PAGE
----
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I Bury the Living (1958)
Well, the video cover art on the copy I purchased was certainly misleading, but I Bury the Living is a pretty good film -- kind of a cross between a "Twilight Zone" episode (while preceding that show by a year) and a mystery with hints of supernatural horror elements thrown in for good measure. Plus, it has historical/trivial interest to boot--it was produced and directed by Albert Band, father of the now more famous entrepreneur behind Full Moon video, Charles Band, and film composer Richard Band.
The video box, with wonderfully garish art suggesting a "mondo" or exploitation film, says things like, "When the moon rises--he fills the graves with screaming women . . . and terror-struck men!"; "A creature to freeze your blood!"; "A story to chill your soul!" and "Out of a time-rotted tomb crawls an unspeakable horror!"
As good as all that might sound, it has little to do with I Bury the Living. Instead, the story concerns Robert Kraft (Richard Boone, a veteran of Westerns), a businessman from a long line of businessmen, who, as chairman of the board for his corporation, has also been inducted to function in a supervisory role for a cemetery. The cemetery office contains two significant things. A groundskeeper of 40 some years who the board is "encouraging" to retire, and a huge map of the cemetery, complete with white pins for pre-purchased, but unoccupied plots and black pins for occupied or soon-to-be-occupied plots. On Kraft's first day at the cemetery, a young couple arrives and purchases plots. Kraft accidentally places black pins instead of white to mark their plots on the map, and a day later, the young couple is dead -- they were victims in an automobile crash.
He doesn't notice this until he returns the next day, and it immediately spooks him. On a whim, he places a black pin randomly in the map, and as you might guess, the person who the plot belonged to ends up dead--of natural causes.
Already, that would probably seem a bit too much of a further coincidence to justify continuing to experiment with black pins, but absurd as it is -- and this is one of the things that remarkably make I Bury the Living work as a quirky, enjoyable film -- Kraft makes no secret of the mysterious occurrences, going so far as completely filling in the police and a reporter friend, and everyone around him encourages him to keep trying the black pins, because "surely with such-and-such combination" it will be clear to you that these incidents are coincidence.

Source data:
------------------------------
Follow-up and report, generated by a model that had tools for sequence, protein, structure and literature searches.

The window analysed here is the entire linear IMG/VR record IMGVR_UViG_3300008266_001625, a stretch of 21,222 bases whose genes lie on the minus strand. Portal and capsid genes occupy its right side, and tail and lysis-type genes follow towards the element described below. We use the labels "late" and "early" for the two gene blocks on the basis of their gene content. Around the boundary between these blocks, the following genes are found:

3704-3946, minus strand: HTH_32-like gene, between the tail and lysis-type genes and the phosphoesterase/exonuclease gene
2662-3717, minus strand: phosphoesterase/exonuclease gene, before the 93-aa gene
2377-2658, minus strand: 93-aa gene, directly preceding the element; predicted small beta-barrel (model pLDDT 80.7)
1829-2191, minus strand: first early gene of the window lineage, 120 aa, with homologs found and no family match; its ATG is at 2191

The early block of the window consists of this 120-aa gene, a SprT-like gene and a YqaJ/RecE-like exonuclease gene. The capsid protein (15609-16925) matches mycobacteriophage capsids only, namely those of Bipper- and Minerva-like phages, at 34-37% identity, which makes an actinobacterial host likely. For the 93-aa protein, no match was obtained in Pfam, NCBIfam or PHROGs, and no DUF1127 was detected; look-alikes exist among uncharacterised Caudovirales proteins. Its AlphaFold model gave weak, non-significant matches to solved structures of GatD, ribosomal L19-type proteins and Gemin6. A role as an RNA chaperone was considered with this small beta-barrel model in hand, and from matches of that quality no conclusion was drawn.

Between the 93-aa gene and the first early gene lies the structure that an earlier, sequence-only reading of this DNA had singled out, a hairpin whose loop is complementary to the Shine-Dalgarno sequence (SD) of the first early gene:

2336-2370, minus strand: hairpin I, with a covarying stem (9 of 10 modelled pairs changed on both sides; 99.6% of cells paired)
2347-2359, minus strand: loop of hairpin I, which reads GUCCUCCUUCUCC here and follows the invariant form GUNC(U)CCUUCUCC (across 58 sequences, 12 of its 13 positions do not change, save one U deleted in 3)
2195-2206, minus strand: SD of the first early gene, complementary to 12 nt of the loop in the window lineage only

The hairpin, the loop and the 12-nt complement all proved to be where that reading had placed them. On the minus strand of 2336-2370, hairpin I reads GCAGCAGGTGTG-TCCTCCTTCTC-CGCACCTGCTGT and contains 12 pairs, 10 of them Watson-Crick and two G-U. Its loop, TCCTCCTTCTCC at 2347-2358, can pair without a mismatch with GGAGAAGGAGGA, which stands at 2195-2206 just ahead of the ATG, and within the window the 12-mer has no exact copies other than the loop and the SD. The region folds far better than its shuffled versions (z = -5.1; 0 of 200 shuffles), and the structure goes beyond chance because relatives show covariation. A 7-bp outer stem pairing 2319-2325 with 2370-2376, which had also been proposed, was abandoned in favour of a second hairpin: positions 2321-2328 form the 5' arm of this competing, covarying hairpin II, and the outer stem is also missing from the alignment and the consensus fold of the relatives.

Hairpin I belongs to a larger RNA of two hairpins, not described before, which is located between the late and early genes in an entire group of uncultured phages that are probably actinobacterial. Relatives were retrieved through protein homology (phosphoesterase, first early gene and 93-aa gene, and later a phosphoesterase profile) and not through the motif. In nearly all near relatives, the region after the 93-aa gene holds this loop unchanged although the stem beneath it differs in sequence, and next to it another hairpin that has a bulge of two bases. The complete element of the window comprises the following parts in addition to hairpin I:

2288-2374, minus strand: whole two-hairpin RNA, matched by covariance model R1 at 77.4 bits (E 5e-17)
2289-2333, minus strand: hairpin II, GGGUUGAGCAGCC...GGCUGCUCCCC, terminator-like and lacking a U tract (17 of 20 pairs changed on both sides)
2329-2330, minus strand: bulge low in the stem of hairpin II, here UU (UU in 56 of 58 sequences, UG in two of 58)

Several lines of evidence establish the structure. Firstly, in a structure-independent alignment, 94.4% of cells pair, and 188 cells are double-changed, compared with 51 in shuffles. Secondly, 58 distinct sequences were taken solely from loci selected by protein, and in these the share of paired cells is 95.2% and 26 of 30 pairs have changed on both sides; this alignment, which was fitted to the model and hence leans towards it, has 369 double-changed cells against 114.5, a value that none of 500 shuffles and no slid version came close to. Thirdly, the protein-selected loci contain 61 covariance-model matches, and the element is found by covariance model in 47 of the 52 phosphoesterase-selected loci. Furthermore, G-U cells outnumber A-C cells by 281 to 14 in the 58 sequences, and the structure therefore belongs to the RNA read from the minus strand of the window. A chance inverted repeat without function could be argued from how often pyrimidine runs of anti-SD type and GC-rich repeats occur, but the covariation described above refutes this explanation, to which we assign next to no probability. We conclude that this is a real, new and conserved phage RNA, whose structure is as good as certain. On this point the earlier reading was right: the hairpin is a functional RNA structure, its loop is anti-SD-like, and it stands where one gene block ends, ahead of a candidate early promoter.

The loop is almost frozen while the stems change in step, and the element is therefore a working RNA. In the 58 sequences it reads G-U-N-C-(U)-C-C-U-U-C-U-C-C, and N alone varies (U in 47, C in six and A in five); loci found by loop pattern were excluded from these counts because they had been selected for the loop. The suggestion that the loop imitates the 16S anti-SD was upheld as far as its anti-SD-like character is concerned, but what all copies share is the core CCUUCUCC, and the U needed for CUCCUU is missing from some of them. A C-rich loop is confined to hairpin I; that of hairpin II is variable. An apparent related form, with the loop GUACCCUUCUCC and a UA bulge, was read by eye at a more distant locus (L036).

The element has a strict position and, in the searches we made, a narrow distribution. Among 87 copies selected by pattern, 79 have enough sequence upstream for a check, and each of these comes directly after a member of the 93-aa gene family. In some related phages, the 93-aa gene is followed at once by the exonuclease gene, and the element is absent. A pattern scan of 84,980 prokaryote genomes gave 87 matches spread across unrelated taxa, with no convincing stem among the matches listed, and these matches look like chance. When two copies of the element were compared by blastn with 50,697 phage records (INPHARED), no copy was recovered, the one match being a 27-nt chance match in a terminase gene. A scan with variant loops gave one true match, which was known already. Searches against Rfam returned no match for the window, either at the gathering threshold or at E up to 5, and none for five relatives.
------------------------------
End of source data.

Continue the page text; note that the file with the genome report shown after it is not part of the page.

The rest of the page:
Band masterfully creates suspense out of this situation that could have easily turned into a comedy given that plot decision. A more stereotypical choice might have been to turn Kraft into a madman, abusing his newfound power. Band takes a more interesting road, creating a fine, atmospheric mystery/thriller, complete with a few, choice, subtle but impressive visual effects for 1958. Also notable visually is the cemetery map itself (and the pins) . . . that simple, but interestingly non-symmetrical image (especially the graceful and unusually curving road) has already been burned into my memory, and I suspect it will remain there for some time to come.
Still, in retrospect, I Bury the Living is a bit thin and seems more like a made for TV film than a major theatrical release. Marketed as horror -- at least presently -- it really has little to do with that genre in any more than a very superficial aspect --even though horror is hinted at.
Also, I Bury the Living is definitely a slower-paced, black and white film focusing mostly on dialogue. Any fans without a taste for that should stay away from I Bury the Living. But fans with a taste for films of the era, "Twilight Zone" fans, and even fans of noirish detective films, as well as those interested in seeing some of the work of Charles Band's father, should not hesitate in giving this film a chance.